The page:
Six Preparedness Strategies for Librarians in Tough Economic Times
by Pamela MacKellar
Thinking pessimistically and taking defensive action are understandable first reactions to this difficult time—but they are probably not the actions that will serve your library and your community well in the long run.
It is no secret that library budgets are in a downward spiral like the rest of the economy. Library Journal’s recent annual budget survey indicates that per capita funding for libraries will decline 1.6%, and total library budgets will be reduced by 2.6% in FY 2010. President Obama’s FY 2011 Budget Proposal to Congress level-funds federal library support under the Library Services and Technology Act (LSTA). Libraries—those institutions that have employed me as a librarian for more than a quarter of a century—are being closed, reducing hours, cutting materials budgets, freezing or eliminating library positions, imposing staff furloughs, cutting continuing education budgets, raising library fees and overdue fines, cutting outreach services, reducing library programming, and using volunteers and paraprofessionals to perform professional work.
Librarians are all too familiar with this bad news, and some of us have been advised to employ defensive tactics such as those I’ve mentioned by directors, administrators, government officials, and colleagues. Only 16% of library directors responding to LJ’s annual budget survey were “very positive or upbeat” about the financial future of their libraries, while 23% were “very negative or depressed.” Thinking pessimistically and taking defensive action are understandable first reactions to this difficult time—but they are probably not the actions that will serve your library and your community well in the long run.
The decision to move forward—building sustainability for your library and meeting the new information needs of your community head on—is in your hands. Now is the time to choose how you are going to face these challenges and to decide what actions to take. Your library’s future depends on it. Here are six strategies that will help you make informed decisions, be proactive, position yourself and your library ahead of the curve, and prepare for the opportunities that will come your way.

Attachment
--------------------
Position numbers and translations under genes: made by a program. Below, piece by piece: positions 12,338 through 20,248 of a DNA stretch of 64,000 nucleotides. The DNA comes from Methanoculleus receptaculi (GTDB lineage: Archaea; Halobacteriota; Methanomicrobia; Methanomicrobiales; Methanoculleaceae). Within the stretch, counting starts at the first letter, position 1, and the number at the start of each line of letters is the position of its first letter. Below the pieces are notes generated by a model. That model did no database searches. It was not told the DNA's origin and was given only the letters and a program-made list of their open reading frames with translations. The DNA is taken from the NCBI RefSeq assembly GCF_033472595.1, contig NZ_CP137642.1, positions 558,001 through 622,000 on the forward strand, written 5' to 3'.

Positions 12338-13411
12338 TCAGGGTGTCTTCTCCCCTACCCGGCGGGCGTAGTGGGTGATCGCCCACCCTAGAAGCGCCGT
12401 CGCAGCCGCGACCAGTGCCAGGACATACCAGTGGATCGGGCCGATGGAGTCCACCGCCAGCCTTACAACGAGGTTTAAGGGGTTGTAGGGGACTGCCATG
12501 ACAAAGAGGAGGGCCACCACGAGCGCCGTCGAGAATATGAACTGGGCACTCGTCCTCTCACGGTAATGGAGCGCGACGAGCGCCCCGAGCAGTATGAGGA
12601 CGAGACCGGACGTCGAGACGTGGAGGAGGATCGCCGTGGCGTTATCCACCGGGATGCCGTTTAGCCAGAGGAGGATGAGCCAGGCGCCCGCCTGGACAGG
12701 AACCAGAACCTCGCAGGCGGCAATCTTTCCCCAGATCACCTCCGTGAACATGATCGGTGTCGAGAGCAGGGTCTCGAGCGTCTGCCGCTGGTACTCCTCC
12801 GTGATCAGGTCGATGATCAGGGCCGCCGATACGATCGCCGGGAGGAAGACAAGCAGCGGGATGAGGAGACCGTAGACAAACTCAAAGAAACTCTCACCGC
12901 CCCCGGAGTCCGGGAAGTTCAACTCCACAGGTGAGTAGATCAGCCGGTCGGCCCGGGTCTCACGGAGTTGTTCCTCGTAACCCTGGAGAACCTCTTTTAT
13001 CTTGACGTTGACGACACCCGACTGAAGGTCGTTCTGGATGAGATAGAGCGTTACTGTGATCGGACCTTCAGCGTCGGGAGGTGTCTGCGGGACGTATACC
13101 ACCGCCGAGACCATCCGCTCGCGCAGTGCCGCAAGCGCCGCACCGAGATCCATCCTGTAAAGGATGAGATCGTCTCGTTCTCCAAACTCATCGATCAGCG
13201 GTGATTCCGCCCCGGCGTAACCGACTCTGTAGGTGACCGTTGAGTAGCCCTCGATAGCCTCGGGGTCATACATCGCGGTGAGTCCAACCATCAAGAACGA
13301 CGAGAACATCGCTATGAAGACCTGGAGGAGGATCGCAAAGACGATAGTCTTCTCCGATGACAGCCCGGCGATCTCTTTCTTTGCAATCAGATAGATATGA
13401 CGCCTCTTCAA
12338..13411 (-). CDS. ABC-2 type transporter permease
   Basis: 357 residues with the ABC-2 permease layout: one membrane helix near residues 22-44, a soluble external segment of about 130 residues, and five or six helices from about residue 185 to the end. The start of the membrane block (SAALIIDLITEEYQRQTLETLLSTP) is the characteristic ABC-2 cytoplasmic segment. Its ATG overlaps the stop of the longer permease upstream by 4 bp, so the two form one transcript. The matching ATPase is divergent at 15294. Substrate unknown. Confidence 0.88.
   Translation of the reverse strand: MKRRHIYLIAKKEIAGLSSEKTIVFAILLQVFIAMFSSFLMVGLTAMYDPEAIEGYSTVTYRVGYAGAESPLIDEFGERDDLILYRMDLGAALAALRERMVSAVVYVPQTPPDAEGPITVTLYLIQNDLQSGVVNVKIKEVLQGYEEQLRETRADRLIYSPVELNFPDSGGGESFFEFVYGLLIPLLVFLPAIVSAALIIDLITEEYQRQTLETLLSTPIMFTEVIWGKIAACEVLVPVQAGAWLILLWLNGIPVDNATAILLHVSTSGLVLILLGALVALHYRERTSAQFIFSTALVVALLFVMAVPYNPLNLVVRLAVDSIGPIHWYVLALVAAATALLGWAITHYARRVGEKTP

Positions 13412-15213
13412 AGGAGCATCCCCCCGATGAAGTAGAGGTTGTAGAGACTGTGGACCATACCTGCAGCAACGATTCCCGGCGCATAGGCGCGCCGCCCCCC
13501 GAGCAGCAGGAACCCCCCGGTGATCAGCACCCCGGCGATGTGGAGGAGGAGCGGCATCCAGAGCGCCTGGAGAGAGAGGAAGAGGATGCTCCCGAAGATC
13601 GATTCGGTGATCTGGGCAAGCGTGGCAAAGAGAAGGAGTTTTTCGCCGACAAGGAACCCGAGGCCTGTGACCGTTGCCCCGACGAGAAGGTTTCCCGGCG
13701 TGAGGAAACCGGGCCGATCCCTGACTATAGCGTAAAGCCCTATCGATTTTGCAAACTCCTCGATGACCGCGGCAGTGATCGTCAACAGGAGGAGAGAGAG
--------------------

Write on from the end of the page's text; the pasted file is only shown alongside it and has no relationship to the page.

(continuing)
1. Have your library’s strategic plan in place. When your strategic plan for your library is in place, you know what you are doing, why you are doing it, where you are now, and where you are headed. Know your library’s strategic plan, and integrate it into what you do every day. This is crucial, and it will determine if you are going to ride the wave of this economic storm or thrash about and struggle.
This is the time to be honest with yourself about the integrity of your library’s plan. If you have not planned strategically, if you did not create a plan from the ground up specifically for your community and with your community’s participation, your plan may not be solid enough to see you through. Your library’s plan is its foundation, and if the library’s foundation is not solid, it will become painfully clear in tough times like these.
Take a good look to determine if your strategic plan is true to your organization and your community. It may be that your plan is outdated, unrealistic, or unclear. If necessary, update, adjust, revise, or re-create your plan to give you, your staff, the board, and your volunteers a meaningful purpose that will motivate you into the future.
Remember, the strategic plan is a living document for you to use. Its purpose is to guide your library through hard and easier times. It is a navigational tool that will tell you what to do next. If you are cutting back at whatever first comes to mind, or if you are waving your hands in the air not knowing what to do in a crisis, it is likely that your strategic plan does not provide a solid foundation for your library.